Work on coated systems with the Nanohardness Tester (NHT) from CSM Instruments and integrated Scanning Force Microscope (SFM) objective has shown that the effects of pile-up have important consequences for the measurement of mechanical properties from nanoindentation load-displacement curves. This is because the calculated contact area between indenter and sample does not take into account any variation due to pile-up or sink-in of material around the indentation site.
This article focuses on a titanium thin film of thickness 200nm deposited onto a Si  substrate. Indentations have been performed using a Berkovich (three-sided) pyramidal indenter at depths from 25 nm up to 1225 nm, this being the total measurement range of the NHT instrument for this particular sample.
The plasma deposited titanium is in fact harder than the Si substrate, due to the high internal stresses produced as a result of deposition and the oxide film (usually TiO2) which forms immediately on removal of the sample from the reactor. The SFM images (Fig. 1) clearly show the surface morphology and grain structure of the deposited coating.
For the imaged indentation made with hmax = 50 nm, the residual imprint is barely visible and is of a similar magnitude as the surface roughness (~ 20 nm). As hmax is increased, no apparent pile-up effects are noticeable until the substrate is reached, suggesting that plastic flow is far more restricted than that of softer coatings (such as aluminium or gold). For depths where hmax > 200 nm (the film thickness), the amount of pile-up increases gradually but it can be observed that the surface morphology of the piled-up material remains the same as that surrounding it. This would suggest that, contrary to softer coatings where material is obviously pushed to the sides of the indenter, the material has undergone uplift due to substrate relaxation on unloading.
This is further confirmed by the concave edges of the imprints.
Figure 1. SFM images of residual imprints for maximum depths (hmax) of (a) 50 nm, (b) 175 nm, (c) 400 nm, and (d) 1225 nm. The sample is a titanium film (thickness = 200 nm) sputtered onto a Si  substrate.
Depths Much Greater Than Film Thickness
For depths much greater than the film thickness (e.g., Fig. 1 (d)), the relative amount of pile-up is significantly smaller because a greater portion of the deformed volume is in the Si substrate. The evolution of pile-up with penetration depth is represented in Fig. 2, by plotting a selection of cross-sectional profiles through imaged imprints. At depths greater than the film thickness, the transition between the coating and substrate is clearly visible, as is the elastic relaxation of the Si substrate which gives a bulge in the profile at the interface.
Figure 2. A selection of cross-sectional profiles through imaged indentations for depths (hmax) from 50 up to 1225 nm. Note the increasing influence of the Si substrate for depths exceeding the Ti film thickness (200nm).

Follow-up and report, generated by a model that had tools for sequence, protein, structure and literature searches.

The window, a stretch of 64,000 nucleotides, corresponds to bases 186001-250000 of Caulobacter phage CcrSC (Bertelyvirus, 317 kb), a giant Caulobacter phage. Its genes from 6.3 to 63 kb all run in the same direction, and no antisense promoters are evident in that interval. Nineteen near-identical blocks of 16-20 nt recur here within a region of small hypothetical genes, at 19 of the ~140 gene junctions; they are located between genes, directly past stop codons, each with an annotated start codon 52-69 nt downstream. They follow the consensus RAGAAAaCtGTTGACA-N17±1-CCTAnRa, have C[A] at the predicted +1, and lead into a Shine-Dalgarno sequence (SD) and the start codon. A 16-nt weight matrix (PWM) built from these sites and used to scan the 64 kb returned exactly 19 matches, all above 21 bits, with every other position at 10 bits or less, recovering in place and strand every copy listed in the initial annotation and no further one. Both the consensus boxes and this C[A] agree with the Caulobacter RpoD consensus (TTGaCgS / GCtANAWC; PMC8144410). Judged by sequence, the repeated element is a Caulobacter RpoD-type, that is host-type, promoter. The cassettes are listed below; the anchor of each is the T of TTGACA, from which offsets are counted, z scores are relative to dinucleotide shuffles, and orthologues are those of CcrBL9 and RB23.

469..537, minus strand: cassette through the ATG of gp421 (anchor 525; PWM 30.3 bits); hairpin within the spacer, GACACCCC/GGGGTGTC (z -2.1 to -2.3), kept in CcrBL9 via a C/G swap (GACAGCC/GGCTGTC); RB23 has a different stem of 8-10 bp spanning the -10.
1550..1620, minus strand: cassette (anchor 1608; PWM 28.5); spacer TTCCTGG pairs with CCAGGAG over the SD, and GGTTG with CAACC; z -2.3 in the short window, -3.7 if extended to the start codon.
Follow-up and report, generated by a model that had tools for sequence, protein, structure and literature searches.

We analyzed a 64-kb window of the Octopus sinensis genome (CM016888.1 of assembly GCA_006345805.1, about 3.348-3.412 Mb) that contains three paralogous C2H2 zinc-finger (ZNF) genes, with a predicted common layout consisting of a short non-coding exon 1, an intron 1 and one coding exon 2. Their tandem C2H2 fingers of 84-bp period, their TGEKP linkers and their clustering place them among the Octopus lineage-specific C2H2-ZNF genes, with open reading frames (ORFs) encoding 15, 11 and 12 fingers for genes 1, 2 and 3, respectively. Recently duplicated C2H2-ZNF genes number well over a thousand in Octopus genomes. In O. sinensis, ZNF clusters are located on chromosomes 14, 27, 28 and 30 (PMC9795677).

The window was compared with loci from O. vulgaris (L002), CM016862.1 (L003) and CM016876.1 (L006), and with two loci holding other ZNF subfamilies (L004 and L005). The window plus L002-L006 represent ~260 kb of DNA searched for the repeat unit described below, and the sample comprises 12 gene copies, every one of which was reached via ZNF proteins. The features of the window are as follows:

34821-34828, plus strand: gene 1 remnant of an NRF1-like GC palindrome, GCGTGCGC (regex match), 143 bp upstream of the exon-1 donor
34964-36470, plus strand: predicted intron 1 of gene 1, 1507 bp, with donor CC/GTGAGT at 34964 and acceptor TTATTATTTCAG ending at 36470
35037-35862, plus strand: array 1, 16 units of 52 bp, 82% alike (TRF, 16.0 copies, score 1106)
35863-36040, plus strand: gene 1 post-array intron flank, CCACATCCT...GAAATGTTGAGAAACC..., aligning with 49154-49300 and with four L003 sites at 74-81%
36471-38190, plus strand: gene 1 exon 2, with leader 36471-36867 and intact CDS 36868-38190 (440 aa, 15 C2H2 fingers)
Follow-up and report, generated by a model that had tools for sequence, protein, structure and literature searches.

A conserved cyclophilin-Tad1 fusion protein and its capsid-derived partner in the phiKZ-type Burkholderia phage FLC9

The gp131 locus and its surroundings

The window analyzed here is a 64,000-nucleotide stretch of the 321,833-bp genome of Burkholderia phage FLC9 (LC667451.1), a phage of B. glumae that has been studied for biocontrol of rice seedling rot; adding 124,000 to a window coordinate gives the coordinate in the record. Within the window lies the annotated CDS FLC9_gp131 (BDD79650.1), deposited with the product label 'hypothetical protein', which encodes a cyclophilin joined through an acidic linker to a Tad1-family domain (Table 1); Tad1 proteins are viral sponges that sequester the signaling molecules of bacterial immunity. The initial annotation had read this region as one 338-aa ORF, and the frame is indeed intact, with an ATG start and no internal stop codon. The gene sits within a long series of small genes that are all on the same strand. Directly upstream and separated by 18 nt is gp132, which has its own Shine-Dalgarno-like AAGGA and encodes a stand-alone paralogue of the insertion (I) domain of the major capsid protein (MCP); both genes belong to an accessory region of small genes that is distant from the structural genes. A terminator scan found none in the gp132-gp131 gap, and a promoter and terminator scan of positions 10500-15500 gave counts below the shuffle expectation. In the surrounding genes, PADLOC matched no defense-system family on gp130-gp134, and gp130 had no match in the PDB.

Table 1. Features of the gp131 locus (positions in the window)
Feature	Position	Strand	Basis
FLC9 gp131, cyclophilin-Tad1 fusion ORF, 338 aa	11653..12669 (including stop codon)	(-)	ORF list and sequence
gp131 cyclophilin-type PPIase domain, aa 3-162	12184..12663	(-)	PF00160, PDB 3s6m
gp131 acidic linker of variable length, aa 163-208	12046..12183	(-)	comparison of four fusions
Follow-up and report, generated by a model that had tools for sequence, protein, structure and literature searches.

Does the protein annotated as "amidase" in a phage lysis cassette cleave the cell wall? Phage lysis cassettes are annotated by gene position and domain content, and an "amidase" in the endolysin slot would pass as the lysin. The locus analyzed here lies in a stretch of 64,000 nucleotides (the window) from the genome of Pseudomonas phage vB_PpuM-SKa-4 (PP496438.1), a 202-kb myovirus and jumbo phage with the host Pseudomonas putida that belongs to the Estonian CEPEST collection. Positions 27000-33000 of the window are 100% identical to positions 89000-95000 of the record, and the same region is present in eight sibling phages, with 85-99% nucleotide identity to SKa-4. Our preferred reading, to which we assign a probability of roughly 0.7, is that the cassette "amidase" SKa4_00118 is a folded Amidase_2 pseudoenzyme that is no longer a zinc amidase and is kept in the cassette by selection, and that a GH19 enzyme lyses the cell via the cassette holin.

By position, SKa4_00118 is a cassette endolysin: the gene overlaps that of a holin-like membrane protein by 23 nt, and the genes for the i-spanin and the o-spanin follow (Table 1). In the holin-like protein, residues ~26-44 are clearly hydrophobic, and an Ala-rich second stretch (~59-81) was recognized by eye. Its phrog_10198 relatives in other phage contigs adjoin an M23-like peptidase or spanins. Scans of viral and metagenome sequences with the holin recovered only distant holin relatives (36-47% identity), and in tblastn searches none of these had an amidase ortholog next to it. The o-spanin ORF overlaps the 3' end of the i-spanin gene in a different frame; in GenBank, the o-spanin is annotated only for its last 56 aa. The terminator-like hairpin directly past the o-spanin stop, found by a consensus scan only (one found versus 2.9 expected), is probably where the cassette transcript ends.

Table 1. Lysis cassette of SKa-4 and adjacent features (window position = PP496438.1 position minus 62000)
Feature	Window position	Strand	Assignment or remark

Variations Of Hardness And Modulus
The variations of hardness and modulus are plotted in Fig. 3 as a function of the maximum penetration depth, hmax, normalised with respect to the film thickness, tf. For the hardness plot, a steep decrease is observed from a value approaching 16 GPa at shallow depths to approximately 11 GPa at the coating-substrate interface. For values of hmax/tf > 1, the hardness decreases more gradually down to a value of 9 GPa, this being the hardness of the substrate. The greater dispersion of experimental points at shallow depths can be attributed to surface roughness effects and the varying influence of the surface oxide layer, which, for such a thin film, may well extend a significant distance into the coating. The variation in elastic modulus, shown in Fig. 3 (b), descends from 270 GPa to 140 GPa, with no apparent discontinuity as a result of the coating-substrate interface. Such results confirm the applicability of the NHT to measuring mechanical properties as a function of depth in a precise and logical manner.
Figure 3. The variation of hardness (a) and elastic modulus (b) are plotted as a function of normalised depth (hmax/tf) for a titanium film sputtered onto a Si  substrate.
Figure 4. Three-dimensional representation of the image shown in Fig. 1 (d). Note the extent of pile-up and the morphology of the Si substrate.
Regarding common coated systems, the NHT has proved that load displacement information alone is not always able to determine the true deformation mechanisms occurring at the tip-sample interface, and that SFM imaging of the residual imprints at various depths is an invaluable means of characterising coating-substrate deformation behaviour.
In addition, the NHT/SFM is capable of providing load-displacement data together with topographical information (i.e., surface roughness, extent of pile-up/sink-in effects, true area of contact, volume of material displaced, indenter tip shape, etc.) in a fast and efficient manner.